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Slavery in Cuba. A Report of the Proceedings of the Meeting, Held at the Cooper Institute. New York City, December 13, 1872.
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copy of that interesting paper on emancipation in Cuba? President Grant, in our judgment, struck the keynote for the emancipation of the island in those brief remarks in his late annual Message on the question of the emancipation of the slaves thereof. The insurgents, in proclaiming their revolt, proclaimed the abolition of slavery, because they foresaw the consequences to Spain, and our government, in taking up the hint and in pushing the cause of emancipation at Madrid, next to the proclamation of belligerent rights for the Cubans, is doing the best thing it can fairly do for the cause of Cuban independence.
Upon this point we call again upon the four millions of emancipated blacks of the United States to prosecute in every city and town of the Union the agitation which they inaugurated recently in Cooper Institute for an active diplomatic intervention on the part of our government in behalf of the liberation of the four hundred thousand slaves of Cuba; for in the united voice of the colored voting element of the United States, seven hundred thousand strong, there is a power in behalf of liberty to the slave which cannot be disregarded at Washington.
An Eloquent Appeal to M. Zorilla by English, French, Dutch and Polish Members of the Paris Anti-Slavery Conference—An Absolute and Immediate Emancipation Necessary.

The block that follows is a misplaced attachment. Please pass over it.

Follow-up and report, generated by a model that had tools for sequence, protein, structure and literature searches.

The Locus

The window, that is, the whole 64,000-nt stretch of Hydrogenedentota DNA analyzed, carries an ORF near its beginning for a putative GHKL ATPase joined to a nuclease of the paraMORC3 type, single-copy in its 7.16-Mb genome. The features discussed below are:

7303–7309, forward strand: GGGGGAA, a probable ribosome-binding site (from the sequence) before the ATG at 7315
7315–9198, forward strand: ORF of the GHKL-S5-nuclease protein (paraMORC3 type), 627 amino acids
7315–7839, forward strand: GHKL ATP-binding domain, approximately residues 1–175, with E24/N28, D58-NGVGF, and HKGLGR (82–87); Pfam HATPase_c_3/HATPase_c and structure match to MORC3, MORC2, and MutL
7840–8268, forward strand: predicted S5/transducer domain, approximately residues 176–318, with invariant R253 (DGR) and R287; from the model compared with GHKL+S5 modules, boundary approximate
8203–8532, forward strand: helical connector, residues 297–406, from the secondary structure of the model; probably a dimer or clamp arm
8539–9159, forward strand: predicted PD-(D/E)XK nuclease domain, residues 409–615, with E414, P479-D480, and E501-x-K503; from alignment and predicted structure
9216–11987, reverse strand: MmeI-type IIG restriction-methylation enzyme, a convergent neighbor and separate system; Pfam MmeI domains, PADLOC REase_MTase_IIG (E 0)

[From Le Siecle.]
Some members of the International Anti-Slavery Conference sent to M. Zorilla, President of the Council of Ministers of His Majesty the King of Spain, an address, in the most eloquent and pressing terms, in favor of an immediate emancipation of the slaves in the islands of Cuba and Porto Rico. The following is the text:—
MONSIEUR THE PRESIDENT—We, the undersigned, members of the International Anti-Slavery Conference, which met in Paris in 1867, who to-day, with other friends of humanity, associated to take part in the work of abolishing slavery, see, with sorrow, that this criminal institution still exists in the isles of Cuba and Porto Rico.
When, in 1868, the provisional government declared the right of the Spanish people to political liberty, we had, for the time being, the hope that it would recognize, at the same time, the still more sacred right of the slaves in the Spanish colonies to personal liberty, and that, following the noble example of the provisional government of France in 1848, immediate and absolute emancipation would be decreed. That hope has not been realized. Against our expectations in this respect, the new constitution adopted by the Cortes in 1869 completely ignored the existence of slavery, and the government was constantly opposing the efforts of the abolitionist party to do justice to the slave population of the Spanish Antilles. In the meanwhile the major part of the Porto Ricans claimed immediate emancipation. There was also a very considerable number in Cuba in favor of the absolute abolition of slavery, without counting the insurgents, who had so decreed.
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